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How Much Do Maine Coons Purr? Vet-Reviewed Facts & Info

Written by: Elizabeth Gray

Last Updated on June 7, 2024 by Catster Editorial Team

maine coon cat lying on the floor

How Much Do Maine Coons Purr? Vet-Reviewed Facts & Info


Dr. Luqman Javed Photo


Dr. Luqman Javed

DVM (Veterinarian)

The information is current and up-to-date in accordance with the latest veterinarian research.

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Maine Coons are known for their luxurious coats, large size, and charming personalities and are one of the most popular cat breeds in the world. If you’re curious about these gentle giants, one question you might have is how much do Maine Coons purr? As a breed, Maine Coons are fairly vocal, and purring is one of the sounds they make, but the frequency will vary among individuals.

In this article, we’ll discuss why Maine Coons purr and why it may seem like they do more than other cats. We’ll also let you know if you ever need to worry about how much your Maine Coon is purring.

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Why Maine Coons Purr

Like all cats, Maine Coons purr as a way to communicate how they’re feeling. Typically, we associate purring with a cat feeling content and relaxed. This is often the case, but not always (more on this later).

As a breed, Maine Coon cats are often described as dog-like, thanks to their exceptional friendliness and good nature. Since purring is one way to communicate happiness and contentment, it makes sense that people would assume that an affectionate breed like the Maine Coon might be prone to doing so more often than others.

It also might seem like Maine Coons purr a lot because they’re constantly around their owners. Most Maine Coons are acquired from breeders and come with a hefty price tag. As a result, they’re often raised as indoor pets and spend more time with their owners than cats that roam. As a result, their purrs might be more noticeable than that of other breeds.

silver maine coon cat
Image Credit: Olga Korvinuss, Shutterstock

Should You Worry About Your Maine Coon Purring a Lot?

As we mentioned, purring is often a sign that a cat is comfortable and content but can also indicate more troubling feelings. stressed, sick, or injured cats may also purr frequently.

Purring is thought to serve as a way for cats to calm themselves down. Research has also indicated that cats purr at a frequency that may assist with healing.1 Purring cats may use the sound to fix whatever is wrong with them.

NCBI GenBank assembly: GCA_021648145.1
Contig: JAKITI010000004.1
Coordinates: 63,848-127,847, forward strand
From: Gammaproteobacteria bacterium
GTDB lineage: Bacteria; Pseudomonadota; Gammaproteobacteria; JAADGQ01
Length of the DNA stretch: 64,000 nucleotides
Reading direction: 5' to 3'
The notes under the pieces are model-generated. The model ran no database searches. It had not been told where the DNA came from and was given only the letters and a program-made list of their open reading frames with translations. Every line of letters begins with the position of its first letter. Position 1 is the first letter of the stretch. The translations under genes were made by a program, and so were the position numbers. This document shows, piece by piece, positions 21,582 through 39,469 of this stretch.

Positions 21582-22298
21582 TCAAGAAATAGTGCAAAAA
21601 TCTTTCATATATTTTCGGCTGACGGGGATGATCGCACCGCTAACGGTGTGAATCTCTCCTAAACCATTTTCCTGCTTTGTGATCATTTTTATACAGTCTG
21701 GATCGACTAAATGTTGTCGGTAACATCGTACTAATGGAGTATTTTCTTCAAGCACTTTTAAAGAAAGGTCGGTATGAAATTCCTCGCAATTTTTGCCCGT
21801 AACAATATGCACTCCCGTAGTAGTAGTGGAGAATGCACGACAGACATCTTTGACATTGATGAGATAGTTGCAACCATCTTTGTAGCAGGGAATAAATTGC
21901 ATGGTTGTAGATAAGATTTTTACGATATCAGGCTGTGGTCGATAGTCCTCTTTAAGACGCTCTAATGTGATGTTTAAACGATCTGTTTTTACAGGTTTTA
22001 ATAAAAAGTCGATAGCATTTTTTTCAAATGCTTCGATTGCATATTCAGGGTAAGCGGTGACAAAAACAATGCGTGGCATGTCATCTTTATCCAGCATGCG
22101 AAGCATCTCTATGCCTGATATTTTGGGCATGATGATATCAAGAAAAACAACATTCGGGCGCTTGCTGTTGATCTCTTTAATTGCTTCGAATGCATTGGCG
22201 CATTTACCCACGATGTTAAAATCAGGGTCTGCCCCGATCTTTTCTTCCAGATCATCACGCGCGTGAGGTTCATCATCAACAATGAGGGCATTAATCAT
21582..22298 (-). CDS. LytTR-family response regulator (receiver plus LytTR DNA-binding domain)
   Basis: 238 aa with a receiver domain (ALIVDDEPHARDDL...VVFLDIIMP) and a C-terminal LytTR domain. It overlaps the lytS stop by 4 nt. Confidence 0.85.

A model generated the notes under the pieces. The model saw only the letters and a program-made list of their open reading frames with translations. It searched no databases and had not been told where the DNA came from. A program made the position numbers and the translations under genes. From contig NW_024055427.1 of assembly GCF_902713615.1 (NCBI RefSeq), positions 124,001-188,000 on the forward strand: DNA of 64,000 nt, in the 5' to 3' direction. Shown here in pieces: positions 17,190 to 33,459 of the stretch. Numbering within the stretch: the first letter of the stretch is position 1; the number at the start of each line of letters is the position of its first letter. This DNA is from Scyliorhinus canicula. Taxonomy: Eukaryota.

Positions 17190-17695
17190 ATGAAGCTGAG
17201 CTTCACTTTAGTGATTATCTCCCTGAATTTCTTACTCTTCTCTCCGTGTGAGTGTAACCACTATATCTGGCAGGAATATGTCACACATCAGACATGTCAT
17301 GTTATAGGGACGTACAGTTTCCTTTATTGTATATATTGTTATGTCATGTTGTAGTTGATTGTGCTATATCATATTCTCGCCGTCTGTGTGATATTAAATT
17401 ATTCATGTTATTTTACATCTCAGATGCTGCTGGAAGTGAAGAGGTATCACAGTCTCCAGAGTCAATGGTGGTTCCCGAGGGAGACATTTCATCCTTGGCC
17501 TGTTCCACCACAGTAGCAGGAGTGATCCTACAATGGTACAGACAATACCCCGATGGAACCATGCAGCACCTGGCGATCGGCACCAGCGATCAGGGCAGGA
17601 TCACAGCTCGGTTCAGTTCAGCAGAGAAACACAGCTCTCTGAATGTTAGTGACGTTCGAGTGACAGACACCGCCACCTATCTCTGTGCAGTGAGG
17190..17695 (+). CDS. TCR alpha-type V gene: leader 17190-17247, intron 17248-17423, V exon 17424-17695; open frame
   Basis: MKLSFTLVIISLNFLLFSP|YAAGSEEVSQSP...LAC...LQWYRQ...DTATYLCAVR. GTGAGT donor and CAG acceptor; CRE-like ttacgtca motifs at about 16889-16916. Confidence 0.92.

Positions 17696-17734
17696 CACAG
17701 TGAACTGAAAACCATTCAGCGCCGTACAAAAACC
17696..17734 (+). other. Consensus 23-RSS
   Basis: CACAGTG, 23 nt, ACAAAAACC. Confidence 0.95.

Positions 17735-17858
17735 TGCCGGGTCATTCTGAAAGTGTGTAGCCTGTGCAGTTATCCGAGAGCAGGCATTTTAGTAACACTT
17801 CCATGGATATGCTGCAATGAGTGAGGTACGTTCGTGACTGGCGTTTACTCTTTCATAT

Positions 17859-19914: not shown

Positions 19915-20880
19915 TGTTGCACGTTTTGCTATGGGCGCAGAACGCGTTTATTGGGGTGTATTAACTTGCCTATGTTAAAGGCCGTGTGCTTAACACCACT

Because purring is sometimes an indication of pain or stress, it could be a cause for concern if your Maine Coon is doing it a lot. Cats have a survival instinct to hide signs of weakness, including sickness. This can make it hard for you to know when something is wrong with your Maine Coon, so paying attention to subtle signs like purring is a must.

If your cat is purring for a troubling reason, you’ll likely notice other signs, such as hiding, a decreased appetite, and a decreased activity level. Watch for abnormal physical signs like coughing, vomiting, and diarrhea. If you’re concerned, take your cat to the vet for a checkup.

Another reason a cat may purr is to request food from their caretakers (AKA you!) 2. Like all other pet cats, Maine Coons may also purr while eating (possibly to showcase contentment).

How Do Cats Purr?

So how exactly does your Maine Coon produce this mysterious purr that communicates their feelings? Scientists believe that the sound is produced by the movement of air over vibrating muscles along your cat’s neck, creating a rattling tone. Unlike other sounds, purring can occur as the cat inhales and exhales air from the lungs. The cat’s brain triggers the purring behavior, but we don’t know the exact mechanism yet.

Some wild species can also purr, including bobcats and cheetahs. However, large cats that can roar (such as lions or leopards) do not purr. Kittens usually develop the ability to purr pretty early, which serves as a way for them to bond and communicate with their mother and littermates.

woman stroking her Maine Coon cat
Image Credit: Liza Kras, Shutterstock

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Final Thoughts

Besides purring, Maine Coon cats produce other sounds like meowing, chirping, and trilling to communicate with their humans. If you want a cat who will be seen and not heard, the Maine Coon isn’t the one for you! Fortunately, many humans find purring just as relaxing as the cats. The Maine Coon’s personality is one of their most significant charms, and plenty of purring is often part of the package.

Featured Image Credit: Remark_Anna, Shutterstock

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